Probationers are typically required to meet with their probation officer on a monthly basis. The initial interview includes a reading of the Order of Probation, followed by a question and answer session, and an oral agreement that the probationer completely understands the conditions set forth in the order. The officer makes every effort possible to explain the conditions. Upon receiving the probationer’s assurance that the conditions are understood, the order of probation is signed and dated by both the officer and the probationer. One copy is given to the probationer and the other is maintained in the probationer’s file.
The probation officer records that the orientation was conducted on that date, the order was read, signed, and a copy of the order was given to the probationer. By doing that, the probation officer is documenting that the order of the court has been executed. The officer’s computer or hand written notes are privileged information unavailable to everyone except the officers and judge of record.
The probationer’s file is considered privileged information available to the officer, probation clerk, and the judge of record. Specific paperwork may be reviewed by counsel, but notes, personal letters, etc. are not for public viewing, unless a release of information pertaining to the specific document is signed by the probationer.
The probation department protects the records of all probationers to insure privacy and to maintain the highest level of professionalism.
37th District Court Probation staff:
Chief Probation Officer: William Jucewicz: (586) 574-4941
Probation Officer: Susan Schafer: (586) 574-4983
Probation Officer: Kelly Marantette: (586) 574-4940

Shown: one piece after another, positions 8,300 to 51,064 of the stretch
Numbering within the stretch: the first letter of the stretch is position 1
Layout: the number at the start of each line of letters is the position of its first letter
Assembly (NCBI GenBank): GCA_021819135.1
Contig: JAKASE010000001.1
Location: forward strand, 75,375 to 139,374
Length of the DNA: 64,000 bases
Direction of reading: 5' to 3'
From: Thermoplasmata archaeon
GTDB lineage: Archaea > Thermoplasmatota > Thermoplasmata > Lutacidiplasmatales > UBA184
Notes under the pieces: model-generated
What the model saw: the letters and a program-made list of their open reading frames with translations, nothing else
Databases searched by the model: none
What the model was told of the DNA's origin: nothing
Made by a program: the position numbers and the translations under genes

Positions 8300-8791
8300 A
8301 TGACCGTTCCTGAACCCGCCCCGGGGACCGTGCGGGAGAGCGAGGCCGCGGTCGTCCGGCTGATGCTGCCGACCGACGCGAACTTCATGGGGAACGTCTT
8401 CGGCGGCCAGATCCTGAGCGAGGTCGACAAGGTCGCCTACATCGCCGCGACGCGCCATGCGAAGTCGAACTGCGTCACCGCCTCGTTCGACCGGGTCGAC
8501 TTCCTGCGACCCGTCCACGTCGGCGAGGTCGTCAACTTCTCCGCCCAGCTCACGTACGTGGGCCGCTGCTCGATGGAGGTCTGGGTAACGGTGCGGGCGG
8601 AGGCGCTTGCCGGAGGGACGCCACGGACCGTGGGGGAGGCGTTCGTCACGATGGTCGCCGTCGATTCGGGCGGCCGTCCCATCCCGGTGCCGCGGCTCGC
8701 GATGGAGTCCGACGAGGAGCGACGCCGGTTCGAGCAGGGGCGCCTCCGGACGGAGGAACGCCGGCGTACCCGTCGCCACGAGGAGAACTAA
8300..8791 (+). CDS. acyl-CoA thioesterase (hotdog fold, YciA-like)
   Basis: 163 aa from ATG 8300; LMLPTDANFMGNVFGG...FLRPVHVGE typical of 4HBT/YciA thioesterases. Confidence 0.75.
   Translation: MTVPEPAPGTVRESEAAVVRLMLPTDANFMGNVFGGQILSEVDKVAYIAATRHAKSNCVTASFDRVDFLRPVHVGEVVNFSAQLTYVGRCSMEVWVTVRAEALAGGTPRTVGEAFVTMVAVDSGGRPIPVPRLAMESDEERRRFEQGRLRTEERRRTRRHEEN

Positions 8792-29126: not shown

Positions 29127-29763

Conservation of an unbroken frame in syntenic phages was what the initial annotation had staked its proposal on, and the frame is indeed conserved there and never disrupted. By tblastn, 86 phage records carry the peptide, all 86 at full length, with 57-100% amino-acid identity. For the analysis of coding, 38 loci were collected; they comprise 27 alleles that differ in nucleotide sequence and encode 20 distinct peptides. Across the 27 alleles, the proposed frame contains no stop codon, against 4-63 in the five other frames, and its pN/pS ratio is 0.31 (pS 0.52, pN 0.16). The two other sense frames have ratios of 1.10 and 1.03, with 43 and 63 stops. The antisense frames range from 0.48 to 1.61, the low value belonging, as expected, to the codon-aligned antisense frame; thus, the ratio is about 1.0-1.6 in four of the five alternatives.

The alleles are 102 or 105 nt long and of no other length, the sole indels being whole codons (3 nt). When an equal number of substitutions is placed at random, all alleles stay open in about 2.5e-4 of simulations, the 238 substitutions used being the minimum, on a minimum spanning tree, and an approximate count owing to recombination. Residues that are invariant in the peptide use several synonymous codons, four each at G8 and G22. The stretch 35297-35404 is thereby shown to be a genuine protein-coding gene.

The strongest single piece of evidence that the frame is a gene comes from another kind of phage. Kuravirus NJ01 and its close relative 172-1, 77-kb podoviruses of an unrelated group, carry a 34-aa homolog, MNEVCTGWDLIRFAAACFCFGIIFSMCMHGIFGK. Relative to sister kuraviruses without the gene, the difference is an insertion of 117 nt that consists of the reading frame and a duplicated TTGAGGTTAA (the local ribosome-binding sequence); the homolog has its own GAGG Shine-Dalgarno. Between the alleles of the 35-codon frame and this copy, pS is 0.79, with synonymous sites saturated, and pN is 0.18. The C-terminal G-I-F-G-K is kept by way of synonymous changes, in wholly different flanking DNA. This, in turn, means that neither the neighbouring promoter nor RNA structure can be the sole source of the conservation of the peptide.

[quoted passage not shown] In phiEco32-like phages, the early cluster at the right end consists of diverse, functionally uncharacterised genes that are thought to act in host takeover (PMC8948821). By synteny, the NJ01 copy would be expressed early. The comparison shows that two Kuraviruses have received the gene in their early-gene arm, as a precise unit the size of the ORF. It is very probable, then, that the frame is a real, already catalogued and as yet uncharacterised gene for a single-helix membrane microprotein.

There are two clerks assigned to the probation department, one full time, and one part time.
The office number is 586 574 4920
The office FAX number is 586 574 0434
The probation department is open from 8:30AM until 12:00 Noon, and from 1:00PM until 5:00PM, however the doors to the court building are locked at 4:30PM. The probation department services anyone who enters the building prior to closing at 4:30PM. The clerical staff is available to answer phone calls until 5:00PM.
All probation officers maintain E-mail addresses:
Probation Officer William Jucewicz: Wjucewicz@37thdistrictcourt.org?
Probation Officer Susan Schafer: SSchafer@37thdistrictcourt.org?
Probation Officer Kelly Marantette: Kmarantette@37thdistrictcourt.org?
All of the Probation Officers are court appointed. Although not union or civil service protected, they are under the bargaining unit of the city attorneys, and enjoy health and vacation benefits awarded to union protected employees.
Probation officers do not accept gratuities, favors, money, or any other forms of reward from private vendors. All of the referrals are made on a judgmental basis that best serves the probationer’s needs. Cooperation, reliability, and affordable service from the vendors are all priorities.